So recently, middle of the afternoon, a patron walked hesitantly into the library looking confused. He stood in the middle of our open space in front of the reference desk and looked around, checking out all the other people in the building, the lights overhead, me at the desk.

Then he walked over and said, “Are you closed?”

“ . . . Umm . . . you mean, right now? You’re asking if we’re closed right now?”


“No, we’re open just like normal.”

“Oh. I just wondered because your door was locked and I wasn’t able to get inside.”

“ . . . Umm . . . okay . . . I’ll go take a look at the door . . . “

Turned out one of the two double doors on one of the two sides of our entrance hadn't been unlocked that morning. I guess everyone else just shuffled two feet to the side and used the other door.

"[Two-and-a-half year old], can you tell Mommy and Uncle about our adventures at the park tonight?"

"I played with the rocks with our friend, then we walked on the trail, then Daddy said go this way and I went the other way, and then then then a goose tried to GOBBLE ME UP!"

He missed the first half of our night playing on the playground equipment, but highlighted the friend joining us and wonderfully dramatized his lesson learned about why Mommy and Daddy always tell him not to chase the geese, as this one chased back and gave him a horrible (and well deserved) scare.

The young lady Valeria Luiselli, a mediocre high school student, stammered and overused the suffix -ly. As her parents, Mrs. Weiss and Mr. Fischli, wanted her to give a speech at her fifteenth birthday party, they sent her to singing, elocution, and public speaking classes. Her party was to be a very elegant celebration in the neighborhood dance hall, and the girl needed to prepare herself for the occasion.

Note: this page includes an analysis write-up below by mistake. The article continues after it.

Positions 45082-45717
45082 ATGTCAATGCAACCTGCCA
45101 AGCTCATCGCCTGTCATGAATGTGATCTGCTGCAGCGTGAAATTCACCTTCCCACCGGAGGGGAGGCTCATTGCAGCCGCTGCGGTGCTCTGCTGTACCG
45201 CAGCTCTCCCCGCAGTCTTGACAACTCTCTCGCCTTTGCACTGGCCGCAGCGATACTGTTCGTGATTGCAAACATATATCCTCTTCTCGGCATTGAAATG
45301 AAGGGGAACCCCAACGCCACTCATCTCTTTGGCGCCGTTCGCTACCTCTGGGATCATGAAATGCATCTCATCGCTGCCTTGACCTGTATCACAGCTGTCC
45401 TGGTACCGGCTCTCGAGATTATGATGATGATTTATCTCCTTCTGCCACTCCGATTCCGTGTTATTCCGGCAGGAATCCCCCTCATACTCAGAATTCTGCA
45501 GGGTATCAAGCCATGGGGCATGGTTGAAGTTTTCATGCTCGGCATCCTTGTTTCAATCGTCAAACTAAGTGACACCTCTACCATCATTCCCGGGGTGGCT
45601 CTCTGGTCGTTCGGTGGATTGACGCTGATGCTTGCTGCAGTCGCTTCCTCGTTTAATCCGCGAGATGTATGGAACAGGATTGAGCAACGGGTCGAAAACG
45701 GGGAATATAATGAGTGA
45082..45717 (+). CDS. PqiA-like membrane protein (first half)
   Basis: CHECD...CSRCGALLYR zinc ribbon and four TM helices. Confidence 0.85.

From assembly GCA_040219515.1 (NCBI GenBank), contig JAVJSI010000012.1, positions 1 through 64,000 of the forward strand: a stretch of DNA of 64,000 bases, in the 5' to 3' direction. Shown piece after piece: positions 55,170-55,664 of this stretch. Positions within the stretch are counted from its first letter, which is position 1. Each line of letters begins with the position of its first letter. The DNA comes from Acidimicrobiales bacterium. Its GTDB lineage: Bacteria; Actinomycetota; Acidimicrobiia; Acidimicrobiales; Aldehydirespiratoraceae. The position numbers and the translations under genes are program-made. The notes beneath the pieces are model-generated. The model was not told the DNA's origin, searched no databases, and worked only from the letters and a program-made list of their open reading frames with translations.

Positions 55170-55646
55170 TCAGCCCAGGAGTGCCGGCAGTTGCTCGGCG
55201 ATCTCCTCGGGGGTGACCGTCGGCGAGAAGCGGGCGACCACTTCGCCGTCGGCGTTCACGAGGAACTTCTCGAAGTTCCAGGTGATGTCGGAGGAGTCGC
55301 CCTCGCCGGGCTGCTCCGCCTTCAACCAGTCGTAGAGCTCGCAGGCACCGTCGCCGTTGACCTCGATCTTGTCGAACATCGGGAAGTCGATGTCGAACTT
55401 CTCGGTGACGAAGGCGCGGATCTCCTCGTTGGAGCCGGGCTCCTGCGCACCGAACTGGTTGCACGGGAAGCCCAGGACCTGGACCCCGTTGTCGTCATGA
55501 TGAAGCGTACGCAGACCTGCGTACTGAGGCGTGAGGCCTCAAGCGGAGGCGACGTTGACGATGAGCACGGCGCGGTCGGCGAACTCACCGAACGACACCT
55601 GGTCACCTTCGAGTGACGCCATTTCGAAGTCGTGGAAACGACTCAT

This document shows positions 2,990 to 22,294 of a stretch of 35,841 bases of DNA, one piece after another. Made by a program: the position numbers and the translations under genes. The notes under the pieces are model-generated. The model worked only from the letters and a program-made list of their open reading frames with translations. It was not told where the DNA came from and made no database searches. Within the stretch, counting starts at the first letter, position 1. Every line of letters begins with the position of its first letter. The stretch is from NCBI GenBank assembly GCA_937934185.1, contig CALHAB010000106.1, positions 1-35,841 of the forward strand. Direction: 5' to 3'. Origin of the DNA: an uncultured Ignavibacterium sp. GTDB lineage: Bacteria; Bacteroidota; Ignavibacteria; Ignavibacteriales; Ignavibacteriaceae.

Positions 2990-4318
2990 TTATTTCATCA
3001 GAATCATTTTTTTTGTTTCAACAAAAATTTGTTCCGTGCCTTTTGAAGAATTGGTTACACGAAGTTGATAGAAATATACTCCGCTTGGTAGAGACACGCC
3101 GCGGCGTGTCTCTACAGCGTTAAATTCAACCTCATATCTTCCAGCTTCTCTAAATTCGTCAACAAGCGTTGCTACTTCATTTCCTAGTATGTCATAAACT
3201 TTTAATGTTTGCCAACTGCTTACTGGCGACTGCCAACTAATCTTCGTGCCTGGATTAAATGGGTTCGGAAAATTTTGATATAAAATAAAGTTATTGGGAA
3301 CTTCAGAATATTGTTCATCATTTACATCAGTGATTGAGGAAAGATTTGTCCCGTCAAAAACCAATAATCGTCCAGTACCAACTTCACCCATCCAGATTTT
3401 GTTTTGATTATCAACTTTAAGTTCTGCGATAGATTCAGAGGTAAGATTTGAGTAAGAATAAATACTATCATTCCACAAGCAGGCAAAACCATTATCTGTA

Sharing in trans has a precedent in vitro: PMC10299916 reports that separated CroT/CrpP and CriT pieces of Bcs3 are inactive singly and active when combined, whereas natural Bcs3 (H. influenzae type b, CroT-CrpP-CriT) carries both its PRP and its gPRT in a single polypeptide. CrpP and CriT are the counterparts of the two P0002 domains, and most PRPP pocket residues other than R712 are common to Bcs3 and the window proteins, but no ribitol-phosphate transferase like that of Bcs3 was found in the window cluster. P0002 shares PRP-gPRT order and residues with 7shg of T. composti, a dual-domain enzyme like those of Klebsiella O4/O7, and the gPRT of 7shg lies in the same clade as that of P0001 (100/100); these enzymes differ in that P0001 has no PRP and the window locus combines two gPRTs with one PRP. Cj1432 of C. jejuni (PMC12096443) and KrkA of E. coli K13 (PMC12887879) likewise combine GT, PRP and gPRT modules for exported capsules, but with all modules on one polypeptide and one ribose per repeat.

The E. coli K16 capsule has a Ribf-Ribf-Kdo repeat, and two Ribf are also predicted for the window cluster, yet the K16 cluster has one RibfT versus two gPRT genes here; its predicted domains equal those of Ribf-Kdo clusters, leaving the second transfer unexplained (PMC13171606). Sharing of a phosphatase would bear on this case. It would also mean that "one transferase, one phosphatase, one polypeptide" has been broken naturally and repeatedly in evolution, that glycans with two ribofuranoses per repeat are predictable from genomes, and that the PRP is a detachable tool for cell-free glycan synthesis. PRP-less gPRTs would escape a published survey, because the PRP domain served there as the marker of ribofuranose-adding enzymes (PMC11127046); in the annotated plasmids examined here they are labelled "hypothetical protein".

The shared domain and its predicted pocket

For the elocution and public speaking classes, they hired the famous teacher Guillermo Sheridan. The first sentence that Professor Guillermo Sheridan taught Valeria Luiselli to say was: “Titus Livy had a conk like a coconut and Octavia Paz was a big head.” Despite the shortness and simplicity of the sentence, it took the young girl a lot of effort to pronounce it correctly. Every time she made a mistake, Professor Guillermo Sheridan would hit her on the palm of the hand with a cane. The girl had to repeat the same sentence 112 times before her teacher called an end to the first session.

That night, while they were eating a dinner of octopus a la gallega with white rice, the girl’s parents asked her how her first public speaking class had gone, and if she had learned anything useful that she would like to share with them. The young girl said:

Titus Livy was a cokehead.

What’s that, my girl? asked her father.

Titus Livy was a cokehead, repeated the adolescent.

Valeria Luiselli’s parents looked each other in the eyes and ate the rest of their octopus in silence.

That night, the young girl’s progenitors put on their plush rat and mouse costumes, and, instead of reading or watching television, as they did almost every other night, they committed an act of outlandish, noisy, uninterrupted coitus. When they had finished, still half-dressed in their costumes, the couple lay silently staring at the ceiling.

This one's not mine, but from Valeria Luiselli's interesting and unusual book The Story of My Teeth. It is an "allegoric" the protagonist, an auctioneer, composes to sell a pair of rat and mouse costumes.